What Parents Should Know About Sun and Sunburns in Children

JAMA Pediatrics Patient Page

March 27, 2023

Anna C. Wood, MD1Laurie W. Albertini, MD1Lindsay A. Thompson, MD, MS1

JAMA Pediatr. 2023;177(5):547. doi:10.1001/jamapediatrics.2022.5907

Enjoying time outdoors is good for our mental and physical health.

When out with your children, it is important to protect them from sunrays on sunny and cloudy days. Every sunburn will increase a person’s risk of having skin cancer later in life. Practicing sun safety can prevent skin aging and cancer.

The sun makes 2 types of ultraviolet (UV) rays, UVA and UVB, that are responsible for most sunburns. These rays are strongest between 11 am and 3 pm, making this the most dangerous time to be exposed to the sun. People with light skin, blue eyes, and blonde or red hair are at higher risk for sunburns, but all skin types, dark or light, are at risk for damage from sunrays.

The first step to preventing burns is to avoid sun exposure during the middle of the day when the sun’s rays are strongest. Children younger than 6 months should stay out of direct sunlight when possible. When planning an outing, remember that sunrays can bounce off water, snow, sand, and concrete.

There are different words used in sunscreen labels that are important to understand. Sun protection factor (SPF) tells us about the sunscreen’s ability to protect your skin from sunburns. A broad-spectrum label means protection against both UVB and UVA rays. Picking sunscreen with SPF 30 or higher and that is broad spectrum is best.

There are 2 types of sunscreens that can protect your child’s skin from the sun’s UV rays. Mineral sunscreens block rays by reflecting them from you. You will usually see labels with titanium dioxide and zinc oxide as the main ingredients. Chemical sunscreens are absorbed into the skin and convert UV rays into heat to avoid burns. You can use either sunscreen type to protect children from the sun. Sunscreen should be used on cloudy days as the sun’s rays are still able to get through clouds to us.

You should apply sunscreen 15 to 30 minutes before going outside to ensure good coverage and absorption into skin. The amount of sunscreen that you use is important. Most people do not use enough sunscreen to protect their skin. Most adults need to use 1 oz (30 mL) to cover their whole body; smaller children need less. Sunscreen should be reapplied every 2 hours or after any water activity or sweating.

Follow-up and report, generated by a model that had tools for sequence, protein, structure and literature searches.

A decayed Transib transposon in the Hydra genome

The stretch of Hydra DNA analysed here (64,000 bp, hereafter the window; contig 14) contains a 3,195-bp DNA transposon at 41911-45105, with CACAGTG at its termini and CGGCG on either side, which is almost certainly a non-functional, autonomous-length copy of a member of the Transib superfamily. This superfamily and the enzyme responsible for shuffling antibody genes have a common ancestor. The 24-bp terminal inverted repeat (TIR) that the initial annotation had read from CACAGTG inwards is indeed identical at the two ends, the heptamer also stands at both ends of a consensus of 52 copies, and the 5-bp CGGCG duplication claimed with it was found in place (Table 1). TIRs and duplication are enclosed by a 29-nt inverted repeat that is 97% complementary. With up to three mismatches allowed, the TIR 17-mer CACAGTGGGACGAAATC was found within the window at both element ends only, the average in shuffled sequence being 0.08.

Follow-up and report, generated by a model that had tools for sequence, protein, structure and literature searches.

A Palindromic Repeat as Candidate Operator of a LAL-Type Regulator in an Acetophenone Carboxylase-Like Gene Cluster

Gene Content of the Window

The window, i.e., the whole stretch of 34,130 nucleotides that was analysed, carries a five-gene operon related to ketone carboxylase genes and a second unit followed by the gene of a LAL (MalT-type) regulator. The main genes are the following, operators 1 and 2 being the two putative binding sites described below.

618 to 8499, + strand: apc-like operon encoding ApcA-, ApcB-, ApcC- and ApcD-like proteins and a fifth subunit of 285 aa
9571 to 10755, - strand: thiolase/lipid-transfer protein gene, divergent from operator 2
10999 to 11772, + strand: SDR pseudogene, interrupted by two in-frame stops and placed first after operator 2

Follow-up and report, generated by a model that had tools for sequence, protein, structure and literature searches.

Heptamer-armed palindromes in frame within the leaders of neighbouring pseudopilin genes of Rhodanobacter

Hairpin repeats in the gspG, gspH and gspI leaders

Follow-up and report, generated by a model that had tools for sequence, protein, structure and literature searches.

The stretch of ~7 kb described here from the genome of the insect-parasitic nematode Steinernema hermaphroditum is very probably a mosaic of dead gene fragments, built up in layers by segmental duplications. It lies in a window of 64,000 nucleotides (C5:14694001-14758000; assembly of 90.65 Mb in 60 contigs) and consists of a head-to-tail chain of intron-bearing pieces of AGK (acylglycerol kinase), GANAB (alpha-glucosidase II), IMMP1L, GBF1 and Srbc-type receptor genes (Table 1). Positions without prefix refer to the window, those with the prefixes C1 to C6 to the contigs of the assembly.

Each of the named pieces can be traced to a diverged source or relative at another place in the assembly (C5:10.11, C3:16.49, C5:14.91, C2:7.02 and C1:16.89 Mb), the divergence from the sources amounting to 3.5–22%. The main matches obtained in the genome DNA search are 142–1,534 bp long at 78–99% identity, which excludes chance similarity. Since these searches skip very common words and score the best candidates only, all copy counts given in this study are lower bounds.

Clothing can be another protective measure against sunburns, and the type of clothing you wear is important. Tighter weaves and darker colors are more shielding than stretchy and faded garments. A UV protection factor (UPF) number tells how effective a fabric is at blocking out harmful UV rays. While your regular clothes can provide some protection to your skin, clothing with UPF labels will be more effective.

Children should also wear wide-brimmed hats outdoors to protect their faces, ears, and necks as well as sunglasses with UV protection to protect their eyes.

Sunlight gives so many health benefits for our minds and bodies, but it is important to enjoy time outside safely. These recommendations can help you and your family stay safe on sunny days.

The JAMA Pediatrics Patient Page is a public service of JAMA Pediatrics. The information and recommendations appearing on this page are appropriate in most instances, but they are not a substitute for medical diagnosis. For specific information concerning your child’s medical condition, JAMA Pediatrics suggests that you consult your child’s physician. This page may be downloaded or photocopied noncommercially by physicians and other health care professionals to share with patients. To purchase bulk reprints, email reprints@jamanetwork.com.

Published Online: March 27, 2023. doi:10.1001/jamapediatrics.2022.5907